Some features that stood out to me include the recent searches tool, a video playback for all video searches, and an enhanced local search with one click map and directions.  In addition, I think the best feature is within specific categories, the sidebar becomes a tool to narrow down your search. For example, if you search local bars in New York City, you can narrow down searches based on price, neighborhood, ratings, style, etc.

Bing is currently a trending topic on Twitter, and most of the comments seem to be pretty positive.  Here is an initial review from TechCrunch, which also discusses how positive the early feedback from users has been.

All of this is before Microsoft has spent a reported $100 Million to advertise the search engine.  We will see what the campaign is all about soon enough, but the word out of the Microsoft camp is that they are going straight at Google.  Time will tell if that is a smart strategy or not, but Microsoft has to be happy by what they have seen already this morning.

Having said all that, Bing is by no means the answer to the question of where is online search headed.  It’s strange that Microsoft would invest so much in what many consider to be the end of the current search era. With companies like Google, Yahoo, and Twitter investing in the future of search (real-time solutions), Microsoft almost seems to be jumping into a game in the 4th quarter.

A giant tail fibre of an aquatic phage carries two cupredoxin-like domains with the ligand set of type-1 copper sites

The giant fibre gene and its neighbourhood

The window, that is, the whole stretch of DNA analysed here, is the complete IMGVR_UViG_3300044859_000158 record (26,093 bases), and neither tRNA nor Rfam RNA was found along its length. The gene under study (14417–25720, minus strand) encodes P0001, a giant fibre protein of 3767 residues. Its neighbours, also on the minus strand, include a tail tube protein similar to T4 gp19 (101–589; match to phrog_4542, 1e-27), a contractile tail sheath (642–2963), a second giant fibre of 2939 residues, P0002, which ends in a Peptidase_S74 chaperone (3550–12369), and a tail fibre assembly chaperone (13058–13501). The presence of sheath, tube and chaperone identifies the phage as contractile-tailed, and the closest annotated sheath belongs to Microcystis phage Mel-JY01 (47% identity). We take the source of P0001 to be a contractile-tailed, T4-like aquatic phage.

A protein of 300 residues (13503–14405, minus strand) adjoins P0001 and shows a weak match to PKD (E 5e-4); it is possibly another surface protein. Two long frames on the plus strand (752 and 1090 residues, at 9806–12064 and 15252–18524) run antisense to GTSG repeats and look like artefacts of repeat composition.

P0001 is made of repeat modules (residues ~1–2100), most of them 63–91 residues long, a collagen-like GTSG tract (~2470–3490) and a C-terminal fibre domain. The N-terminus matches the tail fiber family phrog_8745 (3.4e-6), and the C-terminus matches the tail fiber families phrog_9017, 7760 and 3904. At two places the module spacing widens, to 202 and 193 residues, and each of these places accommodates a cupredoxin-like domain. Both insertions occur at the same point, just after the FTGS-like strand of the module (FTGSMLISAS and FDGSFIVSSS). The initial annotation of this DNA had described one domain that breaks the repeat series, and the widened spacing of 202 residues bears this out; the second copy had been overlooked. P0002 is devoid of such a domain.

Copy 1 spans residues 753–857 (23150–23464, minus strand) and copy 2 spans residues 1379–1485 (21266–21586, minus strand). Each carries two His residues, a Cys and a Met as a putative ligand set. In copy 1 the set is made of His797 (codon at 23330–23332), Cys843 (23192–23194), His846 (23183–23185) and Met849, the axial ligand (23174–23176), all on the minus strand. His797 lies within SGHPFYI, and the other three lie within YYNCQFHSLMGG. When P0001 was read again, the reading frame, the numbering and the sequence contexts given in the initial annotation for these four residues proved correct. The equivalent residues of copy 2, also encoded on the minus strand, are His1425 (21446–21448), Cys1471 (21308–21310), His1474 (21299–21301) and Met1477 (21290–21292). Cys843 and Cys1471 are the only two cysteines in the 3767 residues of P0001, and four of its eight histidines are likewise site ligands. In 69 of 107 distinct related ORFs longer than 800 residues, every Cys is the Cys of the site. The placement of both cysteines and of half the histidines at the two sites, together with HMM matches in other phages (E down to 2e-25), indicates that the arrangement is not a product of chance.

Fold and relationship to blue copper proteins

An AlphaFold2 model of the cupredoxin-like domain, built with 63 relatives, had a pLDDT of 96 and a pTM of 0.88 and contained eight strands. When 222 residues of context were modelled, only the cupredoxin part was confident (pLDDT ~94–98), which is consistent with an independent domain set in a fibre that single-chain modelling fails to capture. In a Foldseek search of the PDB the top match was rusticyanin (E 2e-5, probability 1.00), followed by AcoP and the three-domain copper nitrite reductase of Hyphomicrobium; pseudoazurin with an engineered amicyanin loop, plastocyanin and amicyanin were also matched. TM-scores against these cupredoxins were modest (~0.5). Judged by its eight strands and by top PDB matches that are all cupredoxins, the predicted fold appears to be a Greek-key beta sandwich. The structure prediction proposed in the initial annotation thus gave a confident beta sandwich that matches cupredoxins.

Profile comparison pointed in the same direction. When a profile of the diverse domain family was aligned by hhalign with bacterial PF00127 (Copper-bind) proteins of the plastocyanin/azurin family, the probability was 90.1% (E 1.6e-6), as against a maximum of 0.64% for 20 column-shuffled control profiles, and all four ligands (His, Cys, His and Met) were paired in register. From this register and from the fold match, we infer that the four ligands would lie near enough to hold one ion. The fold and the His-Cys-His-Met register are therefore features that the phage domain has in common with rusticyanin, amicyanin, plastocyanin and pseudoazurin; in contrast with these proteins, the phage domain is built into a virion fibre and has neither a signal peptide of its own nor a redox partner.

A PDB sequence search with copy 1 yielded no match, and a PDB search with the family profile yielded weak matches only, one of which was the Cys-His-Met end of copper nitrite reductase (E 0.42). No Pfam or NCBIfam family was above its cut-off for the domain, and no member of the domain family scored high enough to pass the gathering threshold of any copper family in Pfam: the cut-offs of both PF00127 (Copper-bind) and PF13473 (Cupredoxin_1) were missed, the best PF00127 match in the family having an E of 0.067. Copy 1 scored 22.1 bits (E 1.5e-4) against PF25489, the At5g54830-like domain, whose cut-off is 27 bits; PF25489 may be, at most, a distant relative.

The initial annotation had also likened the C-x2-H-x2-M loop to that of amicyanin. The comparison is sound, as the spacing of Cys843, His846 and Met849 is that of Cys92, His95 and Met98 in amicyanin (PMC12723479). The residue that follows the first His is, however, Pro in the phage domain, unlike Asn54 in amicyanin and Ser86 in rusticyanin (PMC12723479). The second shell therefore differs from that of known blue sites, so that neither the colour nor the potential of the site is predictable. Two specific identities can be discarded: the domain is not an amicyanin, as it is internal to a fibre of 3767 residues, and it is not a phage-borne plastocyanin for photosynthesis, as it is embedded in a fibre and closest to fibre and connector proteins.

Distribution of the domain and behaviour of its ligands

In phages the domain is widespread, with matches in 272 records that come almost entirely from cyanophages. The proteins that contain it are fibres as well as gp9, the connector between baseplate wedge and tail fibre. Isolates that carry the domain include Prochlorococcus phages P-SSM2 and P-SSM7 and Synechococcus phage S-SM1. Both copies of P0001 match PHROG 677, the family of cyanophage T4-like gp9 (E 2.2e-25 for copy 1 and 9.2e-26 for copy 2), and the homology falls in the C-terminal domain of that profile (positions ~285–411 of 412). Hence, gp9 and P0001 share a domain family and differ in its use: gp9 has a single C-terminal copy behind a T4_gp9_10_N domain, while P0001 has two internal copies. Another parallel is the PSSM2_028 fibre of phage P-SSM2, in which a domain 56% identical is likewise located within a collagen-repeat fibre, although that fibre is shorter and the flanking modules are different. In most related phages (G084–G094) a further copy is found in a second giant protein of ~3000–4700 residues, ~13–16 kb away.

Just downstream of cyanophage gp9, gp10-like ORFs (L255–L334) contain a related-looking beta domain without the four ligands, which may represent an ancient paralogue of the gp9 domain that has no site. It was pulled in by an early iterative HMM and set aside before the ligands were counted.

Nonetheless, give the new service a try.  If you have used it already, let me know what you think in the comments below.

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.TV – Major League Baseball Gets It

April 6, 2009

single-game-jpgThe MLB is the first major sport to truly see the light as far as online video is concerned.  And though most sports are starting to invest time and money into real time streaming games online, Major League Baseball is already at the top of their game.

This article from Fortune.com explains how MLB Advanced Media has been able to capture a huge market for its MLB.TV project to stream almost every single game for the entire season.

“With it, the league is setting new limits on how live television is distributed over the Web. While TV networks are still figuring out the best way to put last night’s sitcom online, MLB is about to stream a season of more than 2,000 live games in hi-definition with more features than any cable box.”

If you listen to (or read) Mark Cuban over at his blog, BlogMaverick.com, you’ve no doubt heard him discuss the many limits of online television.  And it may be true that web based programming will never fully replace cable.  But there are many advantages that the web offers, and companies that can see those advantages and work with them will be in a position to capitalize in a big way.

The MLB is taking advantage of two things that web programming offers.  First, when you use the Web, location does not matter.  MLB.TV can offer games to anyone in any region, so if you can;t watch you’re favorite team because you don’t live in the area, the web is the best way to watch.  The second is portability.  You don’t have to be in front of a TV to watch the games that you want to watch.  This means people can watch games at work, while they travel, or in any room of the house.